Fighting Patriarchal Tyranny
The group “The uprising of women in the Arab world” is taking a courageous stand for gender equality. However, the activists face significant resistance: from old ways of thinking, patriarchal chauvinism – and even from Facebook. Laura Overmeyer reports
The women of the Arab world felt great hope when the uprisings against the dictatorial regimes began in the spring of 2011. Side by side with men, they demonstrated for dignity, justice and freedom. Their hope was for change: an escape from a patriarchal social system hostile to women, which denies them basic rights and discriminates against them in both public and private life. Women's rights are a fundamental part of democracy and thus, they assumed, radical change was bound to extend to the social arena.
Now, two years after the revolutions, that euphoria has given way to disillusionment; the situation has by no means improved for women. Islamic forces are riding a wave of success, washing in a tide of conservative ideas, particularly on gender issues. Women are being reduced to their bodies more than ever before, with sexual assaults on the increase. In almost all Arab countries, legislation that puts women at a disadvantage is still in place, especially civil laws.
Women's rights put on a back burnerA return to the previous status quo, in other words. And it seems that women's rights in general are being put on a back burner, with the concerns of one section of society valued clearly below those of the nation as a whole.
Many women, however, do not want to let the chance for change pass them by, among them four young activists from Lebanon, Palestine and Egypt. They decided to use the same means that brought success for the Arab Spring to launch their own uprising. In October 2011 they set up the Facebook page “The uprising of women in the Arab world”.
“We want the Arab Spring to continue. After political tyranny, we're now fighting patriarchal tyranny – in all the Arab countries,” Yalda Younes, one of the initiators, told a major German newspaper.
The site is intended for all Arab women from Rabat to Riadh, regardless of their religion and background, offering a space in which they can discuss their experiences of discrimination and women's rights in general and in the Arab world in particular, freely and without fear.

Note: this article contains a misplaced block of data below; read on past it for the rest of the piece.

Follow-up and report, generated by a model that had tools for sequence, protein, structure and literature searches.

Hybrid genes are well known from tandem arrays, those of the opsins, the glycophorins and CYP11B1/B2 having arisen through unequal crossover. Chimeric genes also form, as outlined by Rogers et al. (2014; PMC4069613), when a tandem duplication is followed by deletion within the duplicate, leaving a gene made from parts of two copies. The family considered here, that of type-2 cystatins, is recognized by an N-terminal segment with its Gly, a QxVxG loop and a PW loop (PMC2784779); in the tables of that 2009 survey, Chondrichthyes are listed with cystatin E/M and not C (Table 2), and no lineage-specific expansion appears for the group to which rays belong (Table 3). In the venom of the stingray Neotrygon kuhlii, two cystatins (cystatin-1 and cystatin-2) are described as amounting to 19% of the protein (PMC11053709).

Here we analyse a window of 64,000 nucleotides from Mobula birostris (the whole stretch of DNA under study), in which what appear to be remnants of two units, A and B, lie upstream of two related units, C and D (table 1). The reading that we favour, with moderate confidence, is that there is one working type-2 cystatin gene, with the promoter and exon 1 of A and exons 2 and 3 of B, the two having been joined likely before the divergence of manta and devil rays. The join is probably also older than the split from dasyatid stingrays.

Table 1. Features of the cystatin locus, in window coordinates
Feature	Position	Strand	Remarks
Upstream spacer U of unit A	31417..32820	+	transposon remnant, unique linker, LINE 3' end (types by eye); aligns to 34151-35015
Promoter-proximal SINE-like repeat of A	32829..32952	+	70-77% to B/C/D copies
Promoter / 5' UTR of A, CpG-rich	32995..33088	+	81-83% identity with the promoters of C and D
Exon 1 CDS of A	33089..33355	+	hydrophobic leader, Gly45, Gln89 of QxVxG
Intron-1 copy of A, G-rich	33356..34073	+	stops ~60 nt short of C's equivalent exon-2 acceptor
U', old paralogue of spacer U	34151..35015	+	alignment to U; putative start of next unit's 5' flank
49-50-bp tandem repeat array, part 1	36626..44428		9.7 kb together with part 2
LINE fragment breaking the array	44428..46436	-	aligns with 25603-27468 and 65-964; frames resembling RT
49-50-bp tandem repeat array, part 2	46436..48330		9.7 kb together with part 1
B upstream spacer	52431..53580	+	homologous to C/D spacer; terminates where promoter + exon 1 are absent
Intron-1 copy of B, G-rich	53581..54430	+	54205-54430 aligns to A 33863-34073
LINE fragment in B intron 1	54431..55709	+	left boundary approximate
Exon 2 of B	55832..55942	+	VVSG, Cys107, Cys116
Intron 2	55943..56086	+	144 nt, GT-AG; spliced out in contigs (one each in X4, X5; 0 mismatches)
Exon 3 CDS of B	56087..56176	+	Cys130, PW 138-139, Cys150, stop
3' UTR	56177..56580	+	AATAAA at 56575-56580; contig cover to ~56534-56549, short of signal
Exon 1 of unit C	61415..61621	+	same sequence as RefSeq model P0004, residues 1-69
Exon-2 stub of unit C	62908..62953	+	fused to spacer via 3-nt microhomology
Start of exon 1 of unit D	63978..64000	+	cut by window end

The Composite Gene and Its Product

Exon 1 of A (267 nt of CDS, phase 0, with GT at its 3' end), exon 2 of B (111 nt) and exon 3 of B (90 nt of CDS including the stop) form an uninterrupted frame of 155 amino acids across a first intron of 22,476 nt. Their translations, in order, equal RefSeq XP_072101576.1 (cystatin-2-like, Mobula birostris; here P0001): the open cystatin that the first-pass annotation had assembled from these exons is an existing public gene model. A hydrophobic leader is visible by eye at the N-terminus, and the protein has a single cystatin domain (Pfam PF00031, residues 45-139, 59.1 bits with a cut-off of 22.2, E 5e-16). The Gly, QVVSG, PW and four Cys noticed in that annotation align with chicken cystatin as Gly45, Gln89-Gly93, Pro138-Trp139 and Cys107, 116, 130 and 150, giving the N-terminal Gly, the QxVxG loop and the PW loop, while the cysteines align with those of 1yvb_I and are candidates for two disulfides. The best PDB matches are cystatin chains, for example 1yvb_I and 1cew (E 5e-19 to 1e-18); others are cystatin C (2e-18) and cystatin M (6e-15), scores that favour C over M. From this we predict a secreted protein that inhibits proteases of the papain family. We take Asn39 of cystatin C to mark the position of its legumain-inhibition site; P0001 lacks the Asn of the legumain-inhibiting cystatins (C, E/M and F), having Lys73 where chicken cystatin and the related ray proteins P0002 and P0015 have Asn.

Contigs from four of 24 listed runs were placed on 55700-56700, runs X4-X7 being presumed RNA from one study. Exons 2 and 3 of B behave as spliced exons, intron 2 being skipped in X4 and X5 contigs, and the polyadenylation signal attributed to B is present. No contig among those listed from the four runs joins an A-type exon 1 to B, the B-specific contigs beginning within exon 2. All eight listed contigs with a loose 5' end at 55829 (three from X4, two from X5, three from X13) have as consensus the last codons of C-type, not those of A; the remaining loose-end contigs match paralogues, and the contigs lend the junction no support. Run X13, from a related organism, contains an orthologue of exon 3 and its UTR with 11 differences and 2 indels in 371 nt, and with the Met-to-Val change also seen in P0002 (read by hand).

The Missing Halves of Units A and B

Forming a common basis for feminist activismThe idea is to shift the discourse on women's rights in the Arab world back to the public eye and at the same time strengthen women through dialogue and form a common basis for feminist activism across national borders. While women's circumstances differ between Morocco and Saudi Arabia, they do face similar problems, all of which are rooted in the same system of patriarchal ideas.
The movement's demands were clear-cut from the very outset. Firstly, the extension of all freedoms contained in the Universal Declaration of Human Rights to all women, in particular the right to self-determination. Secondly, absolute equality with men, on the family, political, social and economic level, and thirdly an end to every form of discrimination and all physical and mental abuse.
Initially the site was largely ignored by the media. That changed, however, when the initiators launched the campaign “I am with the uprising of women in the Arab world because…” in October 2012. They asked men and women from around the world to submit a self-portrait with a personal statement of their reasons for supporting the movement. The pictures were published on Facebook and Twitter.
There followed a veritable deluge of photos: people held their printed or handwritten messages up to the camera, lending a face to the Arab women's uprising.